Thursday 28 February 2019

First user experiences of RateSetter

RateSetter is the third Peer to Peer platform I’ve now signed up for and am actively investing on.  This blog focuses on my experiences on the sign up process and first impressions on using the site. 

The sign up process was straight forward and could be completed in minutes.  You enter all the usual details, be sure to have your tax file number and drivers license handy as part of the process.  Interestingly you didn’t need to verify your email in the process so make sure you type it in correctly.

Once you have completed the sign up progress steps you are logged into the platform.  However it does come up with the note stating that your membership application is currently under consideration and that it should take one business day to confirm.  I registered on a Saturday morning, it wasn’t until Monday until my account was fully active and available to use.  While you are waiting for the application to be accepted, you cannot add any funds to your RateSetter account.

While waiting for approval you can still access everything on the website giving you an opportunity to get familiar with the platform.  The site also provided a user guide you download and refer to on how to use the site.  While the site is not hard to navigate there are a few little things which make me feel like the user interface is not as refined as it could be.  One that stood out to me is that in trying to looking at the detail behind your current investments, you have to go through multiple pages to get to them. 

Transferring money in is easy with a BPay code for your account or you could use a POLi bank transfer.  I’ve always stuck with the BPay given I can save the transaction in my Bank account to make it easier later on, but that is just my personal preference.  Once the money hits your account you are ready to loan.  RateSetter currently have five different markets you can loan your money in that have varying rates of return, 1 month, 3 year, 5 year, National Clean Energy and SA Renewable Energy.

Looking at the historical trends the 5 year market has the best rate of return.  As the money I’ve invested is for the future, I am targeting the longer term strategy and will be focusing on the 5 year market.

I found the market place a little strange.  I personally don’t like the fact that you have no visibility of the loans you are investing and don’t even know how many different loans you may be invested into and whether they are secured or unsecured.  The other thing about the platform I found strange is that you don’t get a premium for investing in an unsecured loan which would typically attract a higher borrower interest rate.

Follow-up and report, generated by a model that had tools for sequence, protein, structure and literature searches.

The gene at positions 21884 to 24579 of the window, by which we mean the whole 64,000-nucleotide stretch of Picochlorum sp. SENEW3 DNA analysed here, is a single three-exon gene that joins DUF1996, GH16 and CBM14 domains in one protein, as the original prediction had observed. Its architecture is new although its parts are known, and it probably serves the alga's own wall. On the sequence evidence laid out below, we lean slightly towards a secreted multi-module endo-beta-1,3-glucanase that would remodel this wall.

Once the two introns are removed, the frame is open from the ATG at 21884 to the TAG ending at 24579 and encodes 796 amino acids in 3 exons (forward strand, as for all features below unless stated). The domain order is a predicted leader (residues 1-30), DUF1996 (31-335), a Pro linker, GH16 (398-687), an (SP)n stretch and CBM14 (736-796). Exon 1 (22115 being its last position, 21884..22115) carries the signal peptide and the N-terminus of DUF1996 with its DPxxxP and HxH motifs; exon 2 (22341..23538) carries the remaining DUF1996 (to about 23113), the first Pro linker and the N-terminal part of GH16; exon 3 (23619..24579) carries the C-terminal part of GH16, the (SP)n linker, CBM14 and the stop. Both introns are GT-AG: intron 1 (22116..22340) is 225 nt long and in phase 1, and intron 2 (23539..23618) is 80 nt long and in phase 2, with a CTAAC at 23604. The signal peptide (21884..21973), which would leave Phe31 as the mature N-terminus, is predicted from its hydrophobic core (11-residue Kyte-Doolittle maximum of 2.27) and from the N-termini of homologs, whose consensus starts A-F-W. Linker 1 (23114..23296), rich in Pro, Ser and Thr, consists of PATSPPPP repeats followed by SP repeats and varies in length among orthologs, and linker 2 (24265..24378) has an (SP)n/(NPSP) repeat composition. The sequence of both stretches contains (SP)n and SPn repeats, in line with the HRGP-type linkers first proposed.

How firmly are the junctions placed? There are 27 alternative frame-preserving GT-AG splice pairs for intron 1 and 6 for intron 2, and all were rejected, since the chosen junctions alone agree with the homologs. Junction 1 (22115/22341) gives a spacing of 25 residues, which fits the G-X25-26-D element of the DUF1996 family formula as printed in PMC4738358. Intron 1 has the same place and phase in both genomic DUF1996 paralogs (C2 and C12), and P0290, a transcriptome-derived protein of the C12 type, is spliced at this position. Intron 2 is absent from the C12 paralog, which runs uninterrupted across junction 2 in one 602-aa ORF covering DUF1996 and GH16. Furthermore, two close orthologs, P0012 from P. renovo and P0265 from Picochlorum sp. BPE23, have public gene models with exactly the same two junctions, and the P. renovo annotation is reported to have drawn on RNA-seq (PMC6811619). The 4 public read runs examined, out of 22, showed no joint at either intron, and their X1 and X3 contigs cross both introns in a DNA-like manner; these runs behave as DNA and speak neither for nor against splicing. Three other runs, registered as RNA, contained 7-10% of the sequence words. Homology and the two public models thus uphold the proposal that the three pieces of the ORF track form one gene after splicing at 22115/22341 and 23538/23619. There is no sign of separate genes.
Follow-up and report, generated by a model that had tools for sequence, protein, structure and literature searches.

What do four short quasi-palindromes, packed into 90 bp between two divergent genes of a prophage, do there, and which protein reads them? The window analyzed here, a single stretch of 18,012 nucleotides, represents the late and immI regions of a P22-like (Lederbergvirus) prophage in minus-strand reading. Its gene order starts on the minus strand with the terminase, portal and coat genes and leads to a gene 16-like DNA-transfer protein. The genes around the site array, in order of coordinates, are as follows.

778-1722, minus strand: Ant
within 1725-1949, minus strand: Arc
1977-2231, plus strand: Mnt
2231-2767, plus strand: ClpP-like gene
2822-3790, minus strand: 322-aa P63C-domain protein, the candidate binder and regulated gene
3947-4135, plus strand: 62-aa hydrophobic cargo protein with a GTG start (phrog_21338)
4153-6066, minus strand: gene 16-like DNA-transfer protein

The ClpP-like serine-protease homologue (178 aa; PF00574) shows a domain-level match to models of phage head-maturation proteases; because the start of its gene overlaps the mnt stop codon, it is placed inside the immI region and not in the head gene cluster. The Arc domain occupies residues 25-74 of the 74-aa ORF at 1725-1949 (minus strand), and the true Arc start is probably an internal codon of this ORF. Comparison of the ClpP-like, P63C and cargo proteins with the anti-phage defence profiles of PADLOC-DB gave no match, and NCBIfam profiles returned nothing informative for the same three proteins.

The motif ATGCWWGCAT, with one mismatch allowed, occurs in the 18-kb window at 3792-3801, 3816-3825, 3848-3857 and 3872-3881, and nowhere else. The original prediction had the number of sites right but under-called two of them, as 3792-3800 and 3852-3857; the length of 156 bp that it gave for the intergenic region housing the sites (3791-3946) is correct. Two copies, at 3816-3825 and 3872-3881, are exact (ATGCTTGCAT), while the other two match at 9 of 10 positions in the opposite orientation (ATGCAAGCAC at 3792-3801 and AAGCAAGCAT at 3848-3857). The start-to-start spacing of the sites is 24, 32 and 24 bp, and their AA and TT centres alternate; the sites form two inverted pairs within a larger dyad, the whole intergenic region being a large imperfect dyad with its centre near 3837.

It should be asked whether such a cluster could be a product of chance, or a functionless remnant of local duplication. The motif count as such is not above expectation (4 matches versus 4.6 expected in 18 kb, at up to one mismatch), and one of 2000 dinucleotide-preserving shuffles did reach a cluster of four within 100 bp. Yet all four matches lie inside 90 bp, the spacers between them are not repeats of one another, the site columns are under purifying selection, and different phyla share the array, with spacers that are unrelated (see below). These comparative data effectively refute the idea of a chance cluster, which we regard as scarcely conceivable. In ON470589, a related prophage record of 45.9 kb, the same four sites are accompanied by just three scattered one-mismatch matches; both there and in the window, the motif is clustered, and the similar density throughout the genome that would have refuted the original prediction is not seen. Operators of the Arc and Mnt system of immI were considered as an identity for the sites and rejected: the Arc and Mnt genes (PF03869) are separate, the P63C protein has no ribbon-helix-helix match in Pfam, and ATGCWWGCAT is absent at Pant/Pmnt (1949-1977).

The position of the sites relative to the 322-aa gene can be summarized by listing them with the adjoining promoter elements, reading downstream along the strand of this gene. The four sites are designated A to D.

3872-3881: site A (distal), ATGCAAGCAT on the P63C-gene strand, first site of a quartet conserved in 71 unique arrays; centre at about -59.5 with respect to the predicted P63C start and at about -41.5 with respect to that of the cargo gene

To place an order you can either select one of their suggested interest rates (designed to get your money matched to a loan quickly) or pick your own rate.  Before picking your own rate you can review how much money is on the market and at what rates people have requested.  I decided to pick my own rate, in fact I split my money out over several rates all 0.1% apart.  I did this for two reasons. Firstly, I was curious how quickly the funds would get matched. Second was to try and create my own loan diversification.  My logic behind this is that if loans were being matched at different times it would indicate they were potentially allocated to a different loan, thus giving me diversification. 

What I found is that the higher percentage rates were still not matched after two weeks on the platform.  The reason for this is anyone can go and put in an offer to lend money at a lower interest rate thus jumping the queue in the fund matching process.  Having sat there for two weeks now I’ve lowered my rate to get them onto the market.  Once the funds are matched you sit back and receive principle and interest repayments over the 5 years (or whichever term) you chose to invest in.

There is an auto invest function that allows the system to reinvest your repayments when they come in (minimum reinvestment amount is $10).  While I like this function, what I notice is that it automatically drops it at the suggested lowest rate to loan quickly.  From my initial observation this could be up to 0.6% lower than if you were prepared to wait a day.  You can also choose to set you reinvestment rate but given it’s a fluctuating market I am reluctant to do this as you may be setting it too high (not going to match) or too low and leaving % return on the table.  Given my plan for maximum returns, I plan to manage my reinvestment manually at this stage.

The other significant feature of RateSetter is the provision fund which is designed to reimburse investors from potential defaults.  While it’s not guaranteed, the website does claim that to date in Australia no investors have lost any capital or interested owed to them.  While I think this is a great feature I feel this is at the detriment to potential returns.  The fund is paid for by borrowers contributing to it instead of the interest going to you.  However, given the lack of visibility of the loans I’m investing into, maybe the provision fund is a good thing on this platform.

There is a feature that allows you to access your remaining capital early on the 3 and 5 year loan terms.  Having a quick look, you enter how much money you would like access to and click to get a quote on how much it will cost.  There are two fees involved, the difference in cost of funding and 3% of the total as a “facilitation” fee.  To me this seems high given you would lose a fair amount of a years’ worth of interest just on the 3% fee. 

These are just my first impressions of the using RateSetter having only spent the last two weeks becoming familiar with the platform and learning how to get most out of it.  If you do have feedback would like to share your own experiences, I’d interested to hear them.

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